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Obstructive sleep apnea and glaucoma are two common health issues, but they are rarely discussed in the same sentence. That’s likely to change though. Researchers in Taiwan believe those who suffer from obstructive sleep apnea are more likely to get glaucoma, which is the second leading cause of blindness.
Researchers at Taipei Medical University looked at National Health Insurance medical records for over one thousand patients aged 40 and older who were suffering from obstructive sleep apnea, the chronic condition that blocks breathing during sleep. They compared these people to about six thousand cohort control patients. They discovered that the risk of developing open-angle glaucoma within five years of a diagnosis of sleep apnea was 1.67 times higher in those who had sleep apnea compared to those in the control group.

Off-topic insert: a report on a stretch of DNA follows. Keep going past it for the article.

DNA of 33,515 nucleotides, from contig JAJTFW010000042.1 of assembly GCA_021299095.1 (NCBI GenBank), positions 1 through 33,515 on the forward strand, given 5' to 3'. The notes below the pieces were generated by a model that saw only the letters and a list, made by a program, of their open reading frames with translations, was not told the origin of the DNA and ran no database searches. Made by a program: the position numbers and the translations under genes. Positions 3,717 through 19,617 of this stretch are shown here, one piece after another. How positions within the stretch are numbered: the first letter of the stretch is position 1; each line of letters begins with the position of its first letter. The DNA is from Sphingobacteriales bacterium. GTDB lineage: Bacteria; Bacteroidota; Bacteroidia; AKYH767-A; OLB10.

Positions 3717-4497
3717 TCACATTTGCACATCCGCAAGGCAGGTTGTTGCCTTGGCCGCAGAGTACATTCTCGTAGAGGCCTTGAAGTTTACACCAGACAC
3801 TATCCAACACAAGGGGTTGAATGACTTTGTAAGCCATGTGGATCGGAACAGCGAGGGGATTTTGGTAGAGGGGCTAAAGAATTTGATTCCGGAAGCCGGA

The researchers suggest that the relationship between sleep apnea and glaucoma is significant due to the large number of people worldwide who suffer from these conditions.
Almost 60 million people around the world have glaucoma. When it goes untreated, it reduces peripheral vision and can eventually lead to blindness. Sadly, only about half the people who get glaucoma are even aware of it at first because it causes no pain and the vision loss is really gradual.
It is estimated that sleep apnea affects 100 million people worldwide. In the United States 22 million suffer from the sleep disorder.